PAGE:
Stansted applies to UDC to raise the current passenger number cap from 35 mppa to 43 mppa
Stansted airport has submitted a planning application to Uttlesford District Council to raise the current cap on the number of passengers it is permitted to handle from 35 million passengers per annum (mppa) to 43mppa, while committing to remain within current approved limits on aircraft noise and flight numbers. This is to make best use of the airport’s existing single runway over the next decade (with the usual claims of economic benefits, jobs etc etc). Stansted say their expansion, from 35 mppa, would ease pressure on the London airport system when Heathrow and Gatwick are capacity constrained. However, local group Stop Stansted Expansion (SSE), says the airport handled about 25 mppa in 2017, and has permission to grow to 35 mppa, granted after a 5-month public inquiry in 2007. Despite this, in summer 2017 the airport’s owners, MAG, said they “urgently” needed permission to expand to a massive 44.5 million passenger airport over the next 12 years. They claim there will be no more noise, but in practice the gap between planes on average would reduce from about 135 seconds now, to about 85 seconds. SSE says the changes in the current application are “almost entirely presentational.”
London Stansted Airport commits to long-term growth within approved flight and noise limits
22.2.2018 (Stansted Airport press release)
Request to raise restrictions on annual passenger numbers from 35m to 43m will enable Stansted to meet demand over the next decade
Airport commits to delivering growth within approved flight and environmental restrictions following extensive consultation with local community
Unlocking further capacity will create more choice and competition for consumers and support 5,000 new jobs at the airport
Businesses across the UK and in the vibrant East of England to benefit from long-haul connectivity to fast-growing markets like China, India and USA.
London Stansted has today submitted a planning application to Uttlesford District Council to raise the current cap on the number of passengers it is permitted to serve from 35 million passengers per annum (mppa) to 43mppa, while committing to remain within current approved limits on aircraft noise and flight numbers. The application has been shaped by an extensive consultation between the airport and local communities.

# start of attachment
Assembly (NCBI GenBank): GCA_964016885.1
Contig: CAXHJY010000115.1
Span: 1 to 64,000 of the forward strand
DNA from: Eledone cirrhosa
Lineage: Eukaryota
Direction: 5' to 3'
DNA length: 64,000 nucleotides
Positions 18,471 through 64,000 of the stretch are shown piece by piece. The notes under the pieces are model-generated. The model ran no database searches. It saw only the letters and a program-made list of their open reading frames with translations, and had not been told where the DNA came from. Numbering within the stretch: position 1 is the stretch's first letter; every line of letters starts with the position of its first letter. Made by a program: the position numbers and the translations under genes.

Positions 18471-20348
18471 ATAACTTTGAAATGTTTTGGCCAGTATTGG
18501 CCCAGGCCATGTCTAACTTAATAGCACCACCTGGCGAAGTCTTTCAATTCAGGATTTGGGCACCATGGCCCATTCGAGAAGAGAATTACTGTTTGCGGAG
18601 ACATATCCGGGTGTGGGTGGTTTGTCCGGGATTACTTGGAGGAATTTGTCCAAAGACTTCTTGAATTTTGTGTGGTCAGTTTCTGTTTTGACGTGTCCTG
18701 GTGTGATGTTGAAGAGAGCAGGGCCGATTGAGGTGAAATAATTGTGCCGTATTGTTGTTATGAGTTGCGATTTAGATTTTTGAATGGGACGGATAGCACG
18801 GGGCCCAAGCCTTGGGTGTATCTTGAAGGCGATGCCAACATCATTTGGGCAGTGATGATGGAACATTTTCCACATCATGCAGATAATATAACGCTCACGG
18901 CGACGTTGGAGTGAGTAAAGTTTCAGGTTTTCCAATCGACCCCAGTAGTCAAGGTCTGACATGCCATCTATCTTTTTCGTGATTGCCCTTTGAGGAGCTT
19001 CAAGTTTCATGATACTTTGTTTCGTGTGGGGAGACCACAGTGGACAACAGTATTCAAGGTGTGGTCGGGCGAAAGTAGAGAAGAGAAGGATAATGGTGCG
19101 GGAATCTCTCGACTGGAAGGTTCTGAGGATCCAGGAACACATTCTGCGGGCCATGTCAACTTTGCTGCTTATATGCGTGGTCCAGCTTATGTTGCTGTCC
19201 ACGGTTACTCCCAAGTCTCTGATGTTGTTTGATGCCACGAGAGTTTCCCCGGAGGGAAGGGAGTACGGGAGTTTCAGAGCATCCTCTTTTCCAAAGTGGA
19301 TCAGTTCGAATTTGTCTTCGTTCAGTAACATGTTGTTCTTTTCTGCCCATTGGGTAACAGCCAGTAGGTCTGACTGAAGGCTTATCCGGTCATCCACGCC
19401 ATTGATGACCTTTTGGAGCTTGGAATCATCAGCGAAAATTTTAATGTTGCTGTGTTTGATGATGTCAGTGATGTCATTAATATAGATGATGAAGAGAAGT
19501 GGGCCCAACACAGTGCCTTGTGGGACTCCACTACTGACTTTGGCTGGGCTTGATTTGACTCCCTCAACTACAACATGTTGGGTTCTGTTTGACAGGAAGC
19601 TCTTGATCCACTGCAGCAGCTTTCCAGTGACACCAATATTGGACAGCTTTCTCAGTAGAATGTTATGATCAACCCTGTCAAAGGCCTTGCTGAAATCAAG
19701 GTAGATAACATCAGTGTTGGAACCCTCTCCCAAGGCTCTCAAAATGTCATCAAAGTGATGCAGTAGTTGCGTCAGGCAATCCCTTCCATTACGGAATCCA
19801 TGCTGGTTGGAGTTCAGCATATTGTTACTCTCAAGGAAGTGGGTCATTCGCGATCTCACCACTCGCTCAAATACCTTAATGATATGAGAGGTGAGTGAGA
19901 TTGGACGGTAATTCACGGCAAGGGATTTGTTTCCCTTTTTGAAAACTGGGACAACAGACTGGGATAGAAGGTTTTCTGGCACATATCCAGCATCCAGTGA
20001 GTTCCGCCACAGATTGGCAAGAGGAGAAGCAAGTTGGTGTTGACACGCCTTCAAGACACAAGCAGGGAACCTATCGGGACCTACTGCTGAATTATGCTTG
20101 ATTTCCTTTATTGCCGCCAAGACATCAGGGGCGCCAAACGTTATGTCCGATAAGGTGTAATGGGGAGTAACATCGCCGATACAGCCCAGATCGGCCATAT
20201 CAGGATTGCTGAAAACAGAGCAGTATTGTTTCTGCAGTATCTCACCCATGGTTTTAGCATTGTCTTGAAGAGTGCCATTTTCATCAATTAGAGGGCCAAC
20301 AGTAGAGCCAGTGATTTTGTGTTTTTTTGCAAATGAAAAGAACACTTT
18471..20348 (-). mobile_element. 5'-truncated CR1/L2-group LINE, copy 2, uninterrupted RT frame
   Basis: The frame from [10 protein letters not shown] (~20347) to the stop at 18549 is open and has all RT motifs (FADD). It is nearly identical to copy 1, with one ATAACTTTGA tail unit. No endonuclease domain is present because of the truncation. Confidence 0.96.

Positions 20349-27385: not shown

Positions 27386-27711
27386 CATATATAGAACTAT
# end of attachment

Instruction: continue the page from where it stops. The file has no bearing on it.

The application seeks permission to make best use of the airport’s existing single runway over the next decade, a move which will deliver significant economic benefits to the UK and the vibrant East of England region, create 5,000 new on-site jobs, improve passenger choice and convenience and boost international long-haul routes to fast-growing markets like China, India and the US. The application will also ease pressure on the London airport system by unlocking additional capacity at a time when other airports are full.
Detailed analysis included in the planning application demonstrates how the ongoing introduction of the next generation of new quieter aircraft will ensure that future passenger growth can be achieved without increasing the number of flights or noise footprint already permitted. For example, the new Boeing 737 MAX and Airbus A320 Neo aircraft currently being brought into service by Ryanair and easyJet are up to 50% quieter than the aircraft they are replacing.
In the five years since MAG acquired Stansted, annual passenger numbers have increased by nearly 10 million to 26mppa. This growth has been delivered through a 25% increase in destinations served by the airport (190) and a doubling of the number of airlines using the airport (22). Stansted is the best-connected UK airport for flights to Europe and during 2018 will see a rapid expansion of its long-haul route network with services being added to New York, Boston, Toronto, Washington DC and Dubai and the 150 onward destinations it offers.
Stansted now anticipates reaching its current cap of 35mppa by the early 2020s and in order for the airport to build on its momentum and provide long term clarity to airlines wanting to use its facilities, now is the right time to consider the framework for its growth beyond the current limit.
MAG has also invested heavily in the facilities at Stansted Airport, spending £150m on improving the passenger experience. Recently, work began on the second phase of Stansted’s transformation – a five-year, £600 million construction programme that will see a new arrivals building and conversion of the existing terminal into a dedicated departing passenger-only facility.
Stansted has committed to ensuring that its growth provides long term benefits for its local communities and an on-site educational facility, the Aerozone, has already welcomed nearly 10,000 young people in the two years since it opened. Later this year, an £11 million on-site further education college will also open and provide hundreds of students with a host of skills relevant for careers in the aviation, engineering, and hospitality industries.